Forest fires are also a major fear as temperatures rise. The highest warning level has been issued in 10 out of Germany’s 16 federal states, including Bavaria, Baden-Württemberg, North Rhine-Westphalia, Mecklenburg-Western Pomerania, Brandenburg and Saxony-Anhalt, as well as in Hesse, Berlin, Rhineland-Palatinate and Lower Saxony.

The Bavarian minister of forestry, Michaela Kaniber, called on all forest visitors to be especially careful.

“The current heatwave and the prevailing drought mean that in many places the forest ground is covered with dried-up, easily flammable leaves, twigs and needles. Even a carelessly discarded cigarette butt is enough to start a momentous forest fire.”

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What temperatures can we expect in Germany this week?

Parts of Germany will see another heatwave this week as temperatures soar.

What temperatures can we expect in Germany this week?

The German Weather Service (DWD) has predicted that the mercury will climb in some regions of to around 34C this week. 

“After low pressure ‘Karin’ gave parts of Germany rain, sometimes in large quantities, high pressure ‘Piet’ is now back in pole position,” said meteorologist Lars Kirchhübel of the DWD.

This high pressure zone will dominate the weather in large parts of western and central Europe over the coming days, the weather expert said, adding that it will reach Germany too. 

On Monday temperatures remained fairly cool across the country after a weekend of showers, but they are set to climb over the course of the week, particularly on Wednesday and Thursday. Forecasters predict it could reach 32C in Stuttgart and 33C in Cologne on Thursday. Locally, temperatures could reach 34C. 

However, from the Oder and Neisse rivers to the Erzgebirge mountains and southeast Bavaria, denser clouds and some showers are to be expected. This is due to a high-level low pressure system over the Balkan region, according to forecasters. Short showers are also possible in the Black Forest.

“In most of the rest of the country, high ‘Piet’ will be able to hold its ground,” said Kirchhübel.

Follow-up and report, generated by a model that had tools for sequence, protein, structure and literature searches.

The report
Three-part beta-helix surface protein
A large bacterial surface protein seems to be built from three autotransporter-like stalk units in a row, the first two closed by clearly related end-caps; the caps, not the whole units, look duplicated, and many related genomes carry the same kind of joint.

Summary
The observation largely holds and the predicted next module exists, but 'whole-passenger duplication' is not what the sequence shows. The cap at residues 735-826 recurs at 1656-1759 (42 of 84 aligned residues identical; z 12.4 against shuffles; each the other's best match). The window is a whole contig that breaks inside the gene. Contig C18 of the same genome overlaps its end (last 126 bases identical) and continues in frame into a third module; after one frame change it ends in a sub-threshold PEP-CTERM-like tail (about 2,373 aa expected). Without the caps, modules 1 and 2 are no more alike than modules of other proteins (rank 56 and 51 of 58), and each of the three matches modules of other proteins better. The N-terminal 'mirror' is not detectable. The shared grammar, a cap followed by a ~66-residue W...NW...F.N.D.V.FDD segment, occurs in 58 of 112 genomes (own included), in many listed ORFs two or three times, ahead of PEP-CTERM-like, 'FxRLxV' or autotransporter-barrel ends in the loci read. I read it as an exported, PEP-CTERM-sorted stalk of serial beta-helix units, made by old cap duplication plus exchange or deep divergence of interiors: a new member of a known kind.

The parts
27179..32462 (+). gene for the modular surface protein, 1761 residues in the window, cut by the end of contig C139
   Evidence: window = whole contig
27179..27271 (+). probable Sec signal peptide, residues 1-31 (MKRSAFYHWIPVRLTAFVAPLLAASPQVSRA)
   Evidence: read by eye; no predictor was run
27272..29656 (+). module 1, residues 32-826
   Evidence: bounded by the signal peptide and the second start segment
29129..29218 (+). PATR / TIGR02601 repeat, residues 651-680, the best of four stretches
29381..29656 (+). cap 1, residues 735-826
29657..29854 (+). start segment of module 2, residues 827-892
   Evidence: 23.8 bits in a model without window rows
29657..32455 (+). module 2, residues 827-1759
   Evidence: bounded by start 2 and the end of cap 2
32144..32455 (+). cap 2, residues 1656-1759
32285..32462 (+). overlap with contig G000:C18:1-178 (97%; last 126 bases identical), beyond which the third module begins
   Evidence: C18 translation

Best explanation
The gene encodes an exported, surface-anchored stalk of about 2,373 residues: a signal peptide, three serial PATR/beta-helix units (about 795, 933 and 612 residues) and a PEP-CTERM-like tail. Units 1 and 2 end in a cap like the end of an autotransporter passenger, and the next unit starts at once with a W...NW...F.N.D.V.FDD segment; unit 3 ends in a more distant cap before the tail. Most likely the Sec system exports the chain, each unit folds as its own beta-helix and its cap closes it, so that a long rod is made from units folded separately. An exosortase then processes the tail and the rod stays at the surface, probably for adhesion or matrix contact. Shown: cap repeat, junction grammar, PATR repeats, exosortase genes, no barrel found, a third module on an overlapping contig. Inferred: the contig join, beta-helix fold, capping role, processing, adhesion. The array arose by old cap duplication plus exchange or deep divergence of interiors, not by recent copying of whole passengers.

READ ALSO: Heavy rain in Bavaria swells rivers, but flooding avoided

At the end of the week, thunderstorms are forecast but temperatures are expected to remain high. 

August in Germany ‘too dry’

According to the European Centre for Medium-Range Weather Forecasts, August as a whole – apart from a few areas in eastern Germany – will be too dry compared to the multi-year average.

The Black Forest, the High Rhine and the Allgäu to the Bavarian Forest, however, are not expected to have any major problems due to the high rainfall of the past few days.

“Looking at Rhineland-Palatinate, the southern half of Hesse, the western half of North Rhine-Westphalia and Lower Franconia shows a different picture,” said Kirchhübel. In the last 30 days, only about 10 percent of the usual level of precipitation fell in some places.

“At some stations, no precipitation at all has been measured in August,” added Kirchhübel, referencing Würzburg as an example.

Rainfall at the weekend caused the water in the Rhine river to rise slightly. In Emmerich, the water level reached a positive value again after the historic low of the past few days: in the morning, it showed three centimetres – an increase of six centimetres compared to the previous day.

The water level also rose by several centimetres at the other measuring points in North Rhine-Westphalia: in Cologne, the level rose to 80cm and in Düsseldorf to 38cm.

READ ALSO: Damaged freighter blocks traffic at drought-hit Rhine

Despite this encouraging trend, the Waterways and Shipping Authority said it did not expect a huge improvement in water levels in the foreseeable future due to more hot weather coming.